Whether it's a cell phone, PDA or 802.11b LAN, security can be a major sticking point for any user thinking of moving to wireless technology.
3Com claims to change that. The company recently announced a new product that will provide 802.11b, 11M bit/sec wireless LAN users with VPN-like data encryption and security.
3Com's Superstack II Router 400 - to be released this fall - will provide secure, encrypted network access in a wireless LAN, supporting up to 256 wireless clients per router.
"Security will always be a problem when you have signals traveling through the air," says Rick Bilodeau, marketing director of 3Com's wireless products division.
"Most of the products out there for wireless LAN security have involved using the Layer 2 access control method and Layer 2 data encrypting" Bilodeau says. "This really manages the access control problem at the wrong layer. You're managing devices, not users."
The Router 400 sits between wireless LAN clients running Windows 9X or NT and the wired network infrastructure, and can be connected to a Remote Authentication Dial-In User Service (RADIUS) server for user authentication.
According to Bilodeau, wireless users log on to a wired network through the Router 400 and are authenticated to the network through the RADIUS server. Once authenticated, the Router 400 establishes a Layer 3 encrypted tunnel between itself and the client using 128-bit Microsoft Point-to-Point Encryption software, which is inherent in the Windows operating system.
Because the authentication and encryption are based in Level 3, wireless client management is simplified - instead of setting up both user/password and hardware security for wireless clients, access can be set solely on users' network identity.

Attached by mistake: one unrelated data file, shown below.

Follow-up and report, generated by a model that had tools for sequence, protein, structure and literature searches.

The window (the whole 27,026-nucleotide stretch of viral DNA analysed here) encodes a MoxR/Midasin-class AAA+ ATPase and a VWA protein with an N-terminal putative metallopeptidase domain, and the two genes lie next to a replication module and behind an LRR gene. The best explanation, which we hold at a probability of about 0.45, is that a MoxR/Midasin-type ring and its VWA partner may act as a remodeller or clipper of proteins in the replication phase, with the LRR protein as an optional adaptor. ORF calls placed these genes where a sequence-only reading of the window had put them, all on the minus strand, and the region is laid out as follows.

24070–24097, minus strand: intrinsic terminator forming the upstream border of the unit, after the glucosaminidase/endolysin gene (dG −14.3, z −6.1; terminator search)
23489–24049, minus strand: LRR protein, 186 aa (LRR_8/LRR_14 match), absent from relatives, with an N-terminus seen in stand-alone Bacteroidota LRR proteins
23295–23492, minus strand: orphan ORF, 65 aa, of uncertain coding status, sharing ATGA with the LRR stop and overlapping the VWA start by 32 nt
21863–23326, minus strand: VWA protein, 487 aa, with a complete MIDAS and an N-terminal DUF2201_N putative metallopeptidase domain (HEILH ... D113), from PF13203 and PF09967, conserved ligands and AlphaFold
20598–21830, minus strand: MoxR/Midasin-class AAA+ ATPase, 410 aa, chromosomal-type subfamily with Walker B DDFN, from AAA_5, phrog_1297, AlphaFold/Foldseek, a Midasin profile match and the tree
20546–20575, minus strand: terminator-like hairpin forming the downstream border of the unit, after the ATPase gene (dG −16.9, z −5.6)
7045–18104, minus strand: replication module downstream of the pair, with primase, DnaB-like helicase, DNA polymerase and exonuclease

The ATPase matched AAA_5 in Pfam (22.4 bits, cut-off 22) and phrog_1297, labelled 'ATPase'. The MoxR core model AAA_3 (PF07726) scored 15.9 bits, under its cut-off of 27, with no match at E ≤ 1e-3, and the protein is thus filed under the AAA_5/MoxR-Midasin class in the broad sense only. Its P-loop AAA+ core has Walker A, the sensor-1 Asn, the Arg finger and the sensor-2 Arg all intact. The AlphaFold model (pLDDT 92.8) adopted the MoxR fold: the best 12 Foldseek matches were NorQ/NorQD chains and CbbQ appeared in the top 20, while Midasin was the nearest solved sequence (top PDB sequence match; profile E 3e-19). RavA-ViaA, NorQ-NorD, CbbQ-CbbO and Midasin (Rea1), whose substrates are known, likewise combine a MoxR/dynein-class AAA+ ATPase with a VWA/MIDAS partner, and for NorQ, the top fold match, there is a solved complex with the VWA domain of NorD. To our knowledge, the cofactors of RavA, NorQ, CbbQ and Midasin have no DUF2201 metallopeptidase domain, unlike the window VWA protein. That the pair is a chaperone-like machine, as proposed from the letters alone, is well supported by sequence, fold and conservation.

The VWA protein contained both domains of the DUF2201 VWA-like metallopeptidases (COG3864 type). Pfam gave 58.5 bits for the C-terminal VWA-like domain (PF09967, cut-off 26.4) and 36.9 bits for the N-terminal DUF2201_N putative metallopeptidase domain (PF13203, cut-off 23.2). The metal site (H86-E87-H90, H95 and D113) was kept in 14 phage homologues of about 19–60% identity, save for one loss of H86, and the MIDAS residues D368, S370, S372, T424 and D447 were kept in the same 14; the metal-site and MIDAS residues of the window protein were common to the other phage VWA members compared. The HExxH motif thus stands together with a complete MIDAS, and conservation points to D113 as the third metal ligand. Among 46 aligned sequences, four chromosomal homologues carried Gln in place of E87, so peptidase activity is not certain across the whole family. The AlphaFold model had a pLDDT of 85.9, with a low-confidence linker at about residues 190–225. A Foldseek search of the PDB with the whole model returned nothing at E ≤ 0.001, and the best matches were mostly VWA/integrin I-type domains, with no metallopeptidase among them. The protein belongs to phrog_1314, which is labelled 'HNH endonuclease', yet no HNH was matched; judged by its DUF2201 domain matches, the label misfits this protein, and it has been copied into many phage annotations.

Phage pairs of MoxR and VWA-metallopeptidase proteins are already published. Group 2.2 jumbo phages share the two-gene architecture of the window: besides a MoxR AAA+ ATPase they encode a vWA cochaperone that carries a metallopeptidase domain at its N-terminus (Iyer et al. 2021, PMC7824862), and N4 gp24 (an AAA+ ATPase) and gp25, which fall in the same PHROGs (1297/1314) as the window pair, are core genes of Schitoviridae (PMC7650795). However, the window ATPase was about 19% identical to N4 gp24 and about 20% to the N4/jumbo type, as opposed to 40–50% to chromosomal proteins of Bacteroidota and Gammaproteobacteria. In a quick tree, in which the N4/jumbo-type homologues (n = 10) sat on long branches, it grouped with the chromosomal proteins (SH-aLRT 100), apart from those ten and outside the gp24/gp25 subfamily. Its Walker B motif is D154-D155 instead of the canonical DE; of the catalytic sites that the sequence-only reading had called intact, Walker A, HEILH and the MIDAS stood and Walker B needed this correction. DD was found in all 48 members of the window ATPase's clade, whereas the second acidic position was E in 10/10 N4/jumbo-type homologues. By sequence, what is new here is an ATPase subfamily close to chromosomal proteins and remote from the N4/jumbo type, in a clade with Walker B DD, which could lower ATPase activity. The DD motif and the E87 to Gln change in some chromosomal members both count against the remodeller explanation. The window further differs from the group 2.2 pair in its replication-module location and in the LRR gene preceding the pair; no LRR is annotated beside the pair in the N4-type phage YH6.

Michael McPeck, director of respiratory care and biomedical engineering at University Medical Center in Stony Brook, N.Y., was involved in the rollout of his hospital's wireless network of Symbol handheld devices and Citrix thin client software. Although he is not a 3Com user, he applauds any effort to beef up wireless LAN security.
"We're constantly making steps to increase overall security of the entire network," McPeck says. "I think particularly in the healthcare industry we need to consider more stringent measures to keep hackers and information thieves out all the time."
Doctors at Stony Brook use wireless handheld devices to quickly access patient information. McPeck says while there have been no problems with wireless data security so far, he would like to see a higher level of security than the Layer 2, device-level based security the hospital currently has for its wireless network.
The Superstack II Router 400 is compatible with any standard 802.11-based wireless network interface card and access point hardware and will cost around $US5,200.